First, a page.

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Interscalene Dynamometer Pilot Study

This study has been completed.
Information provided by (Responsible Party):
Hospital for Special Surgery, New York Identifier:
First received: March 1, 2012
Last updated: March 1, 2016
Last verified: September 2012
Total shoulder arthroplasty (shoulder replacement) can cause severe postoperative pain. Commonly, patients receive general anesthesia with interscalene block (injection of local anesthetic or numbing medicine near nerves in the shoulder) during surgery. As a result of the interscalene block, patients often experience sensory and motor blockade. The purpose of this study is to determine the effects of the interscalene block on the anterior deltoid muscle and hand grip strength after total shoulder arthroplasty.

Total Shoulder Arthroplasty

Study Type: Observational
Study Design: Observational Model: Cohort
Time Perspective: Prospective
Official Title: Interscalene Dynamometer Pilot Study

Further study details as provided by Hospital for Special Surgery, New York:

Primary Outcome Measures:
  • Anterior Deltoid Strength [ Time Frame: 2 days postoperatively ]
    Anterior deltoid strength as measured by a dynamometer. Percentage change in measure as compared to post-surgery (with post-surgery measure at 0%).

  • Hand Grip Strength [ Time Frame: 2 days postoperatively ]
    Hand grip strength as measured by a dynamometer. Percentage change in measure as compared to post-surgery (with post-surgery measure at 0%).

Secondary Outcome Measures:
  • Number of Participants With Reduced Sensation in a Dermatome [ Time Frame: 2 days postoperatively ]
    Pin-prick sensation assessed.

  • Numeric Rating Scale (NRS) Pain Scores With Movement [ Time Frame: 2 days postoperatively ]
    NRS pain scores (0-10; 0 = no pain, 10 = worst pain possible) assessed.

  • Total Oral Opioid Intake in 48hrs [ Time Frame: 0-48hrs ]
    Opioid Usage

Enrollment: 10
Study Start Date: December 2011
Study Completion Date: February 2012
Primary Completion Date: February 2012 (Final data collection date for primary outcome measure)
Detailed Description:
Total shoulder arthroplasty can cause severe postoperative pain. Pain management includes general anesthesia with interscalene block during surgery and intravenous (IV) hydromorphone patient controlled analgesia (PCA) and oral opioid analgesics given after surgery. Side effects, such as motor blockade, may impair participation in physical therapy and diminish patient satisfaction. In order to prepare for a future study that will examine what mixtures of adjuncts/additives will best prevent recovery room pain and minimize motor blockade, the investigators are conducting this pilot study to collect preliminary data on current practice. The investigators believe the current regimen will provide adequate pain relief, but may cause extensive motor blockade and reduce patients' muscle strength after surgery.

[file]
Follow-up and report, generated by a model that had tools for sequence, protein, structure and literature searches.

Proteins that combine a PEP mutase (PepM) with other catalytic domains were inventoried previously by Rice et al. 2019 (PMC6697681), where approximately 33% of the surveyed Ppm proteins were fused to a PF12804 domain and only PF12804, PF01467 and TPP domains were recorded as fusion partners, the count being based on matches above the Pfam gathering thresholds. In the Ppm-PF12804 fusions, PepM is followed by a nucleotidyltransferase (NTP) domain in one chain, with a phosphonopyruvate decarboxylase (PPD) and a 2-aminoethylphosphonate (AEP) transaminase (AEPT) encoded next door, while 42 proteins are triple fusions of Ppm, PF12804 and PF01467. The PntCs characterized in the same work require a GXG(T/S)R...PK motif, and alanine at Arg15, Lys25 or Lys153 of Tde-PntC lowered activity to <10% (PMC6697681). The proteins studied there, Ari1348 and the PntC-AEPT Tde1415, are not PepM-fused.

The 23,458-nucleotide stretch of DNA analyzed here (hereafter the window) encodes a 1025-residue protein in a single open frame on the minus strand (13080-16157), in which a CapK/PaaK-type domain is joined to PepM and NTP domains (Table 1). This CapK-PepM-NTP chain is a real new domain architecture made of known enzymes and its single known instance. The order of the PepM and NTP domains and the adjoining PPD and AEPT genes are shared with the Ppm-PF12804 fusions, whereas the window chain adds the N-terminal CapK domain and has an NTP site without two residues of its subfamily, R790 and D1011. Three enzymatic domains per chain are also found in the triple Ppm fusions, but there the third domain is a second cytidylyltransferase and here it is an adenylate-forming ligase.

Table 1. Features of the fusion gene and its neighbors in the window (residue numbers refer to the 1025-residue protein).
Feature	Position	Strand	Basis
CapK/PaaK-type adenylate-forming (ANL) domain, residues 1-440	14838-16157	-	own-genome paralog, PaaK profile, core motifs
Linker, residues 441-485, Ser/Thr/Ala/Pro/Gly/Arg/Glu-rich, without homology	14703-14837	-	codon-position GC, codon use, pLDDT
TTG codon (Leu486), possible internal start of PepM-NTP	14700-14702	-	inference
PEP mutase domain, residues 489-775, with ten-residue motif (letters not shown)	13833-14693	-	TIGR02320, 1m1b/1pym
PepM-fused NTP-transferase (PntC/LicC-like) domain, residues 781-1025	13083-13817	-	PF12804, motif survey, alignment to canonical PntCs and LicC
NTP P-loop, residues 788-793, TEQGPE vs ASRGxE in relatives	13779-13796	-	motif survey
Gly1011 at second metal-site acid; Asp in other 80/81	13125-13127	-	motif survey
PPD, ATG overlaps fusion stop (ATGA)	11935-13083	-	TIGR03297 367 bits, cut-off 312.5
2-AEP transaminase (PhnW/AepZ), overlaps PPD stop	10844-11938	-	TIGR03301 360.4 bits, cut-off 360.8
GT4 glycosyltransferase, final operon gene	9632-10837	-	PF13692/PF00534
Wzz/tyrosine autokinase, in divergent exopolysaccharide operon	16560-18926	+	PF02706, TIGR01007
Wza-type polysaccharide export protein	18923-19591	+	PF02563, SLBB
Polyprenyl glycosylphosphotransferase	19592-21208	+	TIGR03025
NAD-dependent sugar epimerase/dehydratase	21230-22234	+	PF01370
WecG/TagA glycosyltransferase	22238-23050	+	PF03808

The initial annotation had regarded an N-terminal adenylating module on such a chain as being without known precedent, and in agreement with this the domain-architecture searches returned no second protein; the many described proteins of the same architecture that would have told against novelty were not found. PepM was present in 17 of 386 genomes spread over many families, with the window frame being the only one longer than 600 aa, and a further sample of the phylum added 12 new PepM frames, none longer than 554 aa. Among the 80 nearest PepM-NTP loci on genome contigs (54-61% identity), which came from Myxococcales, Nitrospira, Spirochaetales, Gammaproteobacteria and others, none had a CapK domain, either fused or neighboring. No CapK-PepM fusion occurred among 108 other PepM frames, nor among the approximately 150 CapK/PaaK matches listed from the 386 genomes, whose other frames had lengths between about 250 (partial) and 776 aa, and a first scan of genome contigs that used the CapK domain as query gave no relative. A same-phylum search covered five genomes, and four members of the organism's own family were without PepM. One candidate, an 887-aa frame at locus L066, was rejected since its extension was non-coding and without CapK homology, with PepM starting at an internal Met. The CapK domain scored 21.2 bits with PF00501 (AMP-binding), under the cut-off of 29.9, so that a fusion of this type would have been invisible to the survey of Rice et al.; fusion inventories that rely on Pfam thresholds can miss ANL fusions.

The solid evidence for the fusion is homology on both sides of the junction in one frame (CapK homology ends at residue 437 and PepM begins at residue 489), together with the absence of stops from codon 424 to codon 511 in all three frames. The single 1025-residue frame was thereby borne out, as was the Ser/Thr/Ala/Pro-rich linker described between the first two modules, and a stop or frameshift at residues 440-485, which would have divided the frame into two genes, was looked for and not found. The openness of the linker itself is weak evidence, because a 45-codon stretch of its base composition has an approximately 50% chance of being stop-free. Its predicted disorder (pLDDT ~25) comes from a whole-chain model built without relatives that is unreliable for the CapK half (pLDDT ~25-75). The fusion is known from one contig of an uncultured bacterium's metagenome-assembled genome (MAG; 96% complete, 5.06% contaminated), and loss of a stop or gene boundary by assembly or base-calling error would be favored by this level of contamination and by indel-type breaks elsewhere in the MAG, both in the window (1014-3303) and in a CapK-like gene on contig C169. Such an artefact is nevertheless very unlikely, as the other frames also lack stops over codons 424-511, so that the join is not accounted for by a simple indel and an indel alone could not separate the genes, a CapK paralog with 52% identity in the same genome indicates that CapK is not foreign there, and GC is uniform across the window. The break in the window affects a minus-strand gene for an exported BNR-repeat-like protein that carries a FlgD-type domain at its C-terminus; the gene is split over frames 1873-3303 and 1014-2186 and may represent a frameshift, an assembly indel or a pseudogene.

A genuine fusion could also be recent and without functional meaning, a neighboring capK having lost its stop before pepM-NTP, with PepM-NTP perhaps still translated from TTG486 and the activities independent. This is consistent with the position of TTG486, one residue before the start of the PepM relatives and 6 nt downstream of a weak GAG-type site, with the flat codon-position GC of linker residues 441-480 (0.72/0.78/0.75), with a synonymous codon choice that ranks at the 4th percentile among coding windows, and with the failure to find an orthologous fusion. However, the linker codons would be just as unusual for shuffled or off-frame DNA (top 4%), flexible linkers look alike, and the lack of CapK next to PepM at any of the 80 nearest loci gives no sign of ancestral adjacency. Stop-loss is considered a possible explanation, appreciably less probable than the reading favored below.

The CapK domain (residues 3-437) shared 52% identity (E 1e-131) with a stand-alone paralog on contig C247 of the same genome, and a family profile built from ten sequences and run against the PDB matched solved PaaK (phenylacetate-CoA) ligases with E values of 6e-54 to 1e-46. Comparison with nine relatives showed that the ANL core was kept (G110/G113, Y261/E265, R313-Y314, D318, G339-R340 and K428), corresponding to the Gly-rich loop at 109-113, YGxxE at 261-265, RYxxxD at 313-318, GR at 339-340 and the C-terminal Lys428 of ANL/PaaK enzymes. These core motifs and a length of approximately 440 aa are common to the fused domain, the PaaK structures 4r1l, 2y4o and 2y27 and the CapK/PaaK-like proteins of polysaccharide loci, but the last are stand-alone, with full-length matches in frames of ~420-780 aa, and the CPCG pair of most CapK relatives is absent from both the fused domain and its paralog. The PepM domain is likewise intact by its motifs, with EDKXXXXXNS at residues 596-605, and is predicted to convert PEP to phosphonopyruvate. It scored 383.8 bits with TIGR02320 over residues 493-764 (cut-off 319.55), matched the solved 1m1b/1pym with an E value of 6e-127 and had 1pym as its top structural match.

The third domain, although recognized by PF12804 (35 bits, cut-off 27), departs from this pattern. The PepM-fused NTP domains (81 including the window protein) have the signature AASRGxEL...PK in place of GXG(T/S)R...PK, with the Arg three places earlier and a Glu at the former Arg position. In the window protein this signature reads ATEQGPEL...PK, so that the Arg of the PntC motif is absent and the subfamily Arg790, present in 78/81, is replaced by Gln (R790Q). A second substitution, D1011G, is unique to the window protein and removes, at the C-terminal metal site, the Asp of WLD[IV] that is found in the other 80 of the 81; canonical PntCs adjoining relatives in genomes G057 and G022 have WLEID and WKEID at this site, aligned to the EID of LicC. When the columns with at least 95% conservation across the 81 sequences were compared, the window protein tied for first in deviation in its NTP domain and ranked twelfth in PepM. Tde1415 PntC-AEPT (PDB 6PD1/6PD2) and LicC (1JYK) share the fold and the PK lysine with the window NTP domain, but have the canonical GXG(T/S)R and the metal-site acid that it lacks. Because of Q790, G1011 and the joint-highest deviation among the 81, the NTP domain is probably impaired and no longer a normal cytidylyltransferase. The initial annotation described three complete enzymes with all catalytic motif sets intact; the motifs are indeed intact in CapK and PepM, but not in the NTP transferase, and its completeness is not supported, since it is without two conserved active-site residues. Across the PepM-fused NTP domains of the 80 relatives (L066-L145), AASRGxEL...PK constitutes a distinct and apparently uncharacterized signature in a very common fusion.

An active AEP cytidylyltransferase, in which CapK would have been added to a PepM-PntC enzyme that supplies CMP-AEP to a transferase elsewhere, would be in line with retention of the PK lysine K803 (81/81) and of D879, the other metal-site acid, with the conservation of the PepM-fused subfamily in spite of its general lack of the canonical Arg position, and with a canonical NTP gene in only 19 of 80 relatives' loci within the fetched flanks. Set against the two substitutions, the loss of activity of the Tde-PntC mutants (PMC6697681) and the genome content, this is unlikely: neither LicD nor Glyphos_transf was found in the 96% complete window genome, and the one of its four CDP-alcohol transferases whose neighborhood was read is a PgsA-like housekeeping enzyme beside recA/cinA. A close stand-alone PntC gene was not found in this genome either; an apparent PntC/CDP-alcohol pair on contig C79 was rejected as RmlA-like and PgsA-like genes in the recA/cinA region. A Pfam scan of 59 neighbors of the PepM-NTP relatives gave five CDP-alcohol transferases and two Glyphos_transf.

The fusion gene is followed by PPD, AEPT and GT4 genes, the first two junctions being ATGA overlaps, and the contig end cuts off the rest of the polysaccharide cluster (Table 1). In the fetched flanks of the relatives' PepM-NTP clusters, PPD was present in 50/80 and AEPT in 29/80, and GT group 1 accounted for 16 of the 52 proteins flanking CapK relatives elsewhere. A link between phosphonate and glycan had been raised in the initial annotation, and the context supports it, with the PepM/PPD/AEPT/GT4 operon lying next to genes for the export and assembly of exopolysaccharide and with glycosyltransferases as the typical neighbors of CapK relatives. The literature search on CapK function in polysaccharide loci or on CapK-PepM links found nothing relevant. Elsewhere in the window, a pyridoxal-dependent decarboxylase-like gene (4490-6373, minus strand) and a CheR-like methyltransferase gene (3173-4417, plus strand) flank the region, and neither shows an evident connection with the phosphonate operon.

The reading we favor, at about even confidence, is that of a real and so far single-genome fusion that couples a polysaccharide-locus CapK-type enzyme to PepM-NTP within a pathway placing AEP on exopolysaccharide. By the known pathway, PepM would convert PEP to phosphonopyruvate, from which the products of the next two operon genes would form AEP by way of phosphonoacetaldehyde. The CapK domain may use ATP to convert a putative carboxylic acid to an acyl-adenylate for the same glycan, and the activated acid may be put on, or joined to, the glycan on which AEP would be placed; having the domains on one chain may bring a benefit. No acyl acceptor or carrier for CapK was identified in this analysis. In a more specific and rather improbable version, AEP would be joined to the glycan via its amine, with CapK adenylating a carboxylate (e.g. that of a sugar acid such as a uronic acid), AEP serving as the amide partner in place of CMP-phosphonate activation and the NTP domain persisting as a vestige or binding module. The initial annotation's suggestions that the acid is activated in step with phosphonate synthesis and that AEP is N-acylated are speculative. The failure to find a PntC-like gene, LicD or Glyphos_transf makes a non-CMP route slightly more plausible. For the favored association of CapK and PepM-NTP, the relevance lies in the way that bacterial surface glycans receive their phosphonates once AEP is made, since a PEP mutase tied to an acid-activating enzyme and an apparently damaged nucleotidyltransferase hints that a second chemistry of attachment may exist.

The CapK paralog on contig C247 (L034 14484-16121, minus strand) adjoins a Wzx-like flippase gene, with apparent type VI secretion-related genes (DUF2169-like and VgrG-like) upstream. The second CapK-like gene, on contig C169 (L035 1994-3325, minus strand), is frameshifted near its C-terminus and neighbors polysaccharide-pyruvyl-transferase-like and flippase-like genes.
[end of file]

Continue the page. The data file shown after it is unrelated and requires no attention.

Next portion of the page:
Ages Eligible for Study:   18 Years to 80 Years   (Adult, Senior)
Sexes Eligible for Study:   All
Accepts Healthy Volunteers:   No
Sampling Method:   Non-Probability Sample
Study Population
Patients 18-80 years old who are undergoing primary total shoulder arthroplasty.

Inclusion Criteria:

  • Patients scheduled for primary total shoulder arthroplasty
  • Age 18 to 80 years old
  • Planned use of general anesthesia via laryngeal mask airway (LMA) and peripheral nerve block
  • Ability to follow study protocol
  • Patients with American Society of Anesthesiologists (ASA) physical status of I, II or III

Exclusion Criteria:

  • Patients younger than 18 years old and older than 80
  • Patients not intending to receive general anesthesia and peripheral nerve block
  • Allergy or intolerance to one of the study medications
  • Patients with an ASA of IV
  • Hepatic or renal insufficiency
  • Chronic opioid use (taking opioids for longer than 3 months)
  Contacts and Locations
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Please refer to this study by its identifier: NCT01550952

United States, New York
Hospital for Special Surgery
New York, New York, United States, 10021
Sponsors and Collaborators
Hospital for Special Surgery, New York
Principal Investigator: Jacques T YaDeau, MD, PhD Hospital for Special Surgery, New York
  More Information

Responsible Party: Hospital for Special Surgery, New York Identifier: NCT01550952     History of Changes
Other Study ID Numbers: 2011-002
Study First Received: March 1, 2012
Results First Received: January 29, 2016
Last Updated: March 1, 2016 processed this record on May 25, 2017